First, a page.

At first, these days may seem boring or like there is nothing to do. And that’s okay. Because after you whine and perhaps, cry, you will have to make up your own fun. You’ll get into that book from the library. You’ll draw doll furniture and cut it out and give your paper dolls a good home. You will figure something out. I love to see you having fun, but I will not, I cannot make every day fun. It’s not my job to make every moment The Best of Your Life. But it is my job to teach you that the days that aren’t fun usually end up being the best ones of summer.”

She ended up with a bucket of Legos and spent a couple of hours creating the coolest flying space car ever.

Sometimes we have to just wait for our kids to remember just how fun boredom can be.

C’mon, moms! Who’s with me?

 

edited repost

When I Tell You No It Doesn’t Mean I Don’t Care. It Means the Opposite

The text vibrated against the table in the Mercy House warehouse.

I was overseeing a roomful of volunteers and excused myself to make sure it wasn’t an emergency.

“Mom, it’s an emergency! Can you please bring my notebook to school right now? Plz?? I need it by 4th period for a presentation. Let me know asap,” read the text from my child.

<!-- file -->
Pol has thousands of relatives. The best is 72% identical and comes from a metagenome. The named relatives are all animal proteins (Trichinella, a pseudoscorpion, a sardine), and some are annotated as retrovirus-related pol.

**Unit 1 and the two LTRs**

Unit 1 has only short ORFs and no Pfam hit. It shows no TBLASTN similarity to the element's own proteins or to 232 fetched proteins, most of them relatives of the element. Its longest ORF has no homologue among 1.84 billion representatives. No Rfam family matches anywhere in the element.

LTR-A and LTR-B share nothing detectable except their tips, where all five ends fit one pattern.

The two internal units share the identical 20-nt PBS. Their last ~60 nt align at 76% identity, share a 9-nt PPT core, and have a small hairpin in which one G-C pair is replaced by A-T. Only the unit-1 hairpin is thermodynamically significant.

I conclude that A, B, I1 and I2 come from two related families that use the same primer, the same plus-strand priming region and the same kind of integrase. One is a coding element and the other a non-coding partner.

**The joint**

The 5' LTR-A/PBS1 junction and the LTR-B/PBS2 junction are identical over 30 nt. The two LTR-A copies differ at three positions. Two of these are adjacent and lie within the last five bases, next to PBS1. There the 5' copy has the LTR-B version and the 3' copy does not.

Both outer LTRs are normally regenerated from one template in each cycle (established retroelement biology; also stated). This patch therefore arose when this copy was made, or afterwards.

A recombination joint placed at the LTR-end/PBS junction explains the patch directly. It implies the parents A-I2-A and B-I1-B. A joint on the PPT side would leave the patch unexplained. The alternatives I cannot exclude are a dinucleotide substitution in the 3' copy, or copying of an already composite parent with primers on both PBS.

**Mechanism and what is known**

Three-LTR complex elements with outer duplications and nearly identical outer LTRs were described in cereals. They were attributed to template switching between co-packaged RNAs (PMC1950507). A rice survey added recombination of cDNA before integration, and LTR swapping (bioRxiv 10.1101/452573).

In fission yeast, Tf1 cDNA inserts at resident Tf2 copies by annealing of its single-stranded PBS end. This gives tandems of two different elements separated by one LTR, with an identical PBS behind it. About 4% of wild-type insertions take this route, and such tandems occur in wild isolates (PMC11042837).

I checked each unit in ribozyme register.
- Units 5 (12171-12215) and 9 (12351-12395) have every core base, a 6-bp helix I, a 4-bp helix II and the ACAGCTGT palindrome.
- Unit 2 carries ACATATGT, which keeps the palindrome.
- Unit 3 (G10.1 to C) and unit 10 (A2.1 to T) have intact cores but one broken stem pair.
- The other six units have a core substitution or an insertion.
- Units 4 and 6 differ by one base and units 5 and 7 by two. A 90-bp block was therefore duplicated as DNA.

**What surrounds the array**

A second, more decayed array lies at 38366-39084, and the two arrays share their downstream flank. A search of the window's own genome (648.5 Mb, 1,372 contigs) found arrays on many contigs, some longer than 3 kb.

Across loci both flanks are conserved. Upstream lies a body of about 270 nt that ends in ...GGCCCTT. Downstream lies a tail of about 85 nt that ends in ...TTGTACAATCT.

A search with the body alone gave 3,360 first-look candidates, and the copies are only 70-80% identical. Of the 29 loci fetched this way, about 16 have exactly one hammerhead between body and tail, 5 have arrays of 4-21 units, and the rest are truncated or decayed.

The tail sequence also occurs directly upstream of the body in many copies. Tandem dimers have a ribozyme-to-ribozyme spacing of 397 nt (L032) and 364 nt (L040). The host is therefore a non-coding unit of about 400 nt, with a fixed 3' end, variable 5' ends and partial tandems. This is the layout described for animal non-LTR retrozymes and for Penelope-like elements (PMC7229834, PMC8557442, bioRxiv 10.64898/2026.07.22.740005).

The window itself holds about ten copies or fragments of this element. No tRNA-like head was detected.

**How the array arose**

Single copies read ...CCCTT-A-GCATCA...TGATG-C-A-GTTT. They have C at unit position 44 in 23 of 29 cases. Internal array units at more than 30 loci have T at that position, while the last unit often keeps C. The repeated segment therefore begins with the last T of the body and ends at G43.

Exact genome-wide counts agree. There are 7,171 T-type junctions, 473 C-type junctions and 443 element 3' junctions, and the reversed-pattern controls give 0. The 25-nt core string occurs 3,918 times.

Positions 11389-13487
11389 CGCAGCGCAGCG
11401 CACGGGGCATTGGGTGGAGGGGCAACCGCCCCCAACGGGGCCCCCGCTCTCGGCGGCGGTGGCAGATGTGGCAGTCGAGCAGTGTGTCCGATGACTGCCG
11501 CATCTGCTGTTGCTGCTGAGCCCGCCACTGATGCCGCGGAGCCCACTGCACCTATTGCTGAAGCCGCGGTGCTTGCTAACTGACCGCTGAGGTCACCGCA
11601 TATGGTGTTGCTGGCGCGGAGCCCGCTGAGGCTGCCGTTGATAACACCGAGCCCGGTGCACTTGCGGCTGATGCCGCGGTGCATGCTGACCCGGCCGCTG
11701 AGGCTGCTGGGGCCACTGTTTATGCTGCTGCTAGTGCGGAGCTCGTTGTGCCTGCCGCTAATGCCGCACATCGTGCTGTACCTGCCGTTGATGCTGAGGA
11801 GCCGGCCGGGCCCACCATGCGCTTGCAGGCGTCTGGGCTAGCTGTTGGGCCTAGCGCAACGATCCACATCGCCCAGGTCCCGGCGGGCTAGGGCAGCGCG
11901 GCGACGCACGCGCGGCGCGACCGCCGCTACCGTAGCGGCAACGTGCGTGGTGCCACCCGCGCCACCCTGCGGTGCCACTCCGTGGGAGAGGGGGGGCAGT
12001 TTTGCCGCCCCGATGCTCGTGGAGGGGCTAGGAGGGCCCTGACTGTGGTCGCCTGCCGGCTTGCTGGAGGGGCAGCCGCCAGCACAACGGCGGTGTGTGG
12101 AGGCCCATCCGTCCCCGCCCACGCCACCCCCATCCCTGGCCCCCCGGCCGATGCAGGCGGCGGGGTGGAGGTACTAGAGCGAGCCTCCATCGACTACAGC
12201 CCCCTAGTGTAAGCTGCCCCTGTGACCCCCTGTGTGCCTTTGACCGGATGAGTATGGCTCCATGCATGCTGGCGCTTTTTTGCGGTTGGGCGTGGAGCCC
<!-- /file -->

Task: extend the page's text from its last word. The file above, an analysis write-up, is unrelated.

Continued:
I sighed.When I Tell You No

I had reminded my notebook-forgetting child three times to get it off the stairs where it lay all weekend. And earlier in the week, when I’d dropped off the forgotten book in a rainstorm, I had said, “This is the last time I’m doing this.” Forgetfulness had become a recurring issue and it was time to put a stop to it.

Before I could respond, there was another text, “Mom? Are you there?”

I knew this wasn’t going to go over well. Sometimes doing the right thing as a parent is the hardest thing.

I took a deep breath and typed these words, “I’m sorry you forgot your notebook. Unfortunately, I cannot bring it to you.”

Send.

“Why? What r you doing?” was the response.

“I’m working at the warehouse and I have volunteers here. Plus, I already told you I would not bring anything else to school. I’m sorry, but the answer is no.”

I went back to work and all but ignored the vibrating phone. When I glanced again, I winced at these words, “You don’t understand, Mom. You just don’t care.”